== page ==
As I was getting the last of my provisions in Swarkopmund I bumped into a group of British guys who were riding KTM 250 cc enduro bikes. They had joined a tour group in Windhoek and were being guided along a circular route of Namibia for 10 days. It all sounded super fun, but they seemed more interested in my journey and impressed with my bike and what I had ahead of me. They asked me if I was really going to ride my big KTM 990 along the Skeleton Coast? Umm, yes! But that got me thinking… what do they know that I don’t?
The initial ride up the Skeleton Coast was along amazingly flat and white salt pans. The wild Atlantic Ocean is on your left as you go north, and the desert and dunes are on your right, formed into strange multi coloured structures by ancient volcanic activity.
Also in the night and early morning the difference in temperature and humidity between the cool sea air and the hot dry desert air causes a lot of fog, some of it extremely thick, and it takes a few hours for it to burn away each morning, only to reappear again in the late afternoon and evening.
After several hours I found a very basic fuel station and topped up, and then carried on to the entrance of the national park, which is gated with an impressive skull and cross bone design and large elephant tusks. There is a manned office that takes tolls from cars, but motorcycles are not allowed in. All that said, I have to date crossed it twice. Once on this trip, and again two years later with my friend Nick Dobson, when we had to bribe our way in with 5 cigarettes and two peaches.
On this earlier occasion I just rode through the gates when nobody was looking and kept going. I hadn’t come all this way to turn around. Seek forgiveness, not permission, and all that stuff.
The riding was fine to start with, but later there were long stretches of deep sand and I struggled somewhat with either the front wheel washing away, or the rear wheel not getting enough traction and burying itself deep into the sand. Sometimes I would have to get off the bike, walk alongside the bike, and throttled it carefully through the deep sand traps until the road, if you could call it that, got better and I could get back on and get going again. Exhausting stuff.
I rode for a few hours until it started getting dark and turned left onto the beach behind a small dune and set up my tent. I collected drift wood and made an amazing fire which I sat next to, staring out to sea until the sea mist came in and made everything a bit creepy, being on my own and all. The sound of the waves during the night was quite loud and the mist was quite thick, damp and smelt very salty and slightly fishy. Not the greatest night’s sleep of the trip.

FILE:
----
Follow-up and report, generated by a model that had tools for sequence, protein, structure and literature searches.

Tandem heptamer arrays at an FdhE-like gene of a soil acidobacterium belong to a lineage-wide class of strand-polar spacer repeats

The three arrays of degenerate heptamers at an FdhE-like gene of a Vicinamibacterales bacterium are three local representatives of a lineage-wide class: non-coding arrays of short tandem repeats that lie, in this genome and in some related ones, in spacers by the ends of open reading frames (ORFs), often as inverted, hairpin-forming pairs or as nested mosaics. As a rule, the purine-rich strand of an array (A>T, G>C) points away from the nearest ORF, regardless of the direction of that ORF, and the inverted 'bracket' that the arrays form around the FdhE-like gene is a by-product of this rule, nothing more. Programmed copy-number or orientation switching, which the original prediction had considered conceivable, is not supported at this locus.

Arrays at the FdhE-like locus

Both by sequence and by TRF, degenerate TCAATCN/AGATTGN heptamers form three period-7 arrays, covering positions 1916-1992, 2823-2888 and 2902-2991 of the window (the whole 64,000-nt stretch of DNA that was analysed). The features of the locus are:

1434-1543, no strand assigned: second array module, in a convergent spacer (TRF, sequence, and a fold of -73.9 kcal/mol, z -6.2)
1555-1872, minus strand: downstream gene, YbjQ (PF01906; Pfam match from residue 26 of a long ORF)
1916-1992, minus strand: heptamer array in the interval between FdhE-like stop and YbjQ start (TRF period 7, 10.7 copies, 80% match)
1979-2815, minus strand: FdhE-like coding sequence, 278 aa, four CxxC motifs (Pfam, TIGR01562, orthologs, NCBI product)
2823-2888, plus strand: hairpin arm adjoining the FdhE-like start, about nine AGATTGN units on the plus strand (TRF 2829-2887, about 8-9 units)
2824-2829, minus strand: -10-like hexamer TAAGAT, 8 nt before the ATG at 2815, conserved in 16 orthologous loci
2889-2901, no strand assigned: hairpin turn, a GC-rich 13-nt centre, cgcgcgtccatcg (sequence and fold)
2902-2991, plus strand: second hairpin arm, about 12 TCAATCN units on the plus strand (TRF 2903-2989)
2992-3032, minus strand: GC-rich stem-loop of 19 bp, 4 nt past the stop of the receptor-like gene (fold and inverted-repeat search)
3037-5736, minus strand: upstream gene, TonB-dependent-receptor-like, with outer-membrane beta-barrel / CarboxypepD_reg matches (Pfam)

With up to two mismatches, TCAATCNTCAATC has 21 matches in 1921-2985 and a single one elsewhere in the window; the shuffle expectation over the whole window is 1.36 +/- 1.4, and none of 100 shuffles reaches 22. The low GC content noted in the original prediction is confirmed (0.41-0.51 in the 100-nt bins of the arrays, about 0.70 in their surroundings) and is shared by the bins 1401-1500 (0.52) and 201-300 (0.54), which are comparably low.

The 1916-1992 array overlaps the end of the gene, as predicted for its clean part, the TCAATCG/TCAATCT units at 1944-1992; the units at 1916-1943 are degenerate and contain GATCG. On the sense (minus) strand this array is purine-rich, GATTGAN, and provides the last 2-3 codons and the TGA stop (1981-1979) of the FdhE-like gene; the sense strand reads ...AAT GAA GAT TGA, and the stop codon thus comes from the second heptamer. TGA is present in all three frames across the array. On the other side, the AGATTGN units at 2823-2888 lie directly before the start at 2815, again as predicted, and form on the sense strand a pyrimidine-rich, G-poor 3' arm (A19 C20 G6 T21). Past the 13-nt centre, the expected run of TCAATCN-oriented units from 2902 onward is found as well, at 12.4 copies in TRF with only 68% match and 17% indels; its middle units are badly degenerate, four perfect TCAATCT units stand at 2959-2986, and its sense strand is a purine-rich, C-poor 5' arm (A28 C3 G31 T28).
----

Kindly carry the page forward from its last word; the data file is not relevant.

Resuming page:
The next day everything looked different and not so threatening. Remote, beautiful and unearthly. Any thoughts I had of John Carpenter’s movie, “The Fog” had melted away.
I had to plan the next stage, but my paper maps were not showing any roads north of Mowes Bay and so I carried on through Terrace Bay and along sand trails until it became apparent why there wasn’t anything on my map.
There was no more road.
The M34 just stopped. A 125 or 250 cc enduro bike might make some progress, my 1000 cc adventure bike definitely wouldn’t, and so I plotted another course to Palmwag that would later route me up to the river at the border with Angola.
So, I headed back the way I came, and after about 100 kilometres or so took a left turn onto a gravel road that took me up into the mountains and through very remote, barren and beautiful scenery.
After about 50 kilometers I came across “the other gate” to the Skeleton Coast Park and there was a park ranger standing at the gate indicating for me to stop. I was expecting a “bollocking”, or perhaps have to pay a fine for illegally entering the National Park, but he just laughed at me, and waved me on.
Without finding illegal fuel stops here and there run by entrepreneurial locals and the extra kilograms of petrol I carried in the yellow cans I would not have made it.
I then rode along very long stretches of quite good gravel trails and eventually into the small town of Palmwag where I found a very nice game resort managed by a young English couple who had given up their life in the UK to do something completely different.
I paid for a camping spot, but actually slept in my sleeping bag in a hammock by the pool which was quite eventful because a huge bull elephant, called “Sebastian”, paid me a visit in the night and “snuffled” me with his truck. I can’t think of another word other than snuffle to describe being snorted on and prodded with an elephant’s truck. After all, it doesn’t happen that often!
This encounter wasn’t a complete surprise because I heard from the English managers that this elephant was legendary, very big, very pale grey in colour, wandered around the resort at night, and provided you didn’t startle him, would tip toe about and snuffle things, like he did with me. The strange thing is that I could hear this enormous creature snapping off branches and twigs from the trees, but I couldn’t hear him actually move around, and I was excited and slightly anxious when he was suddenly towering above me and feeling around with his trunk.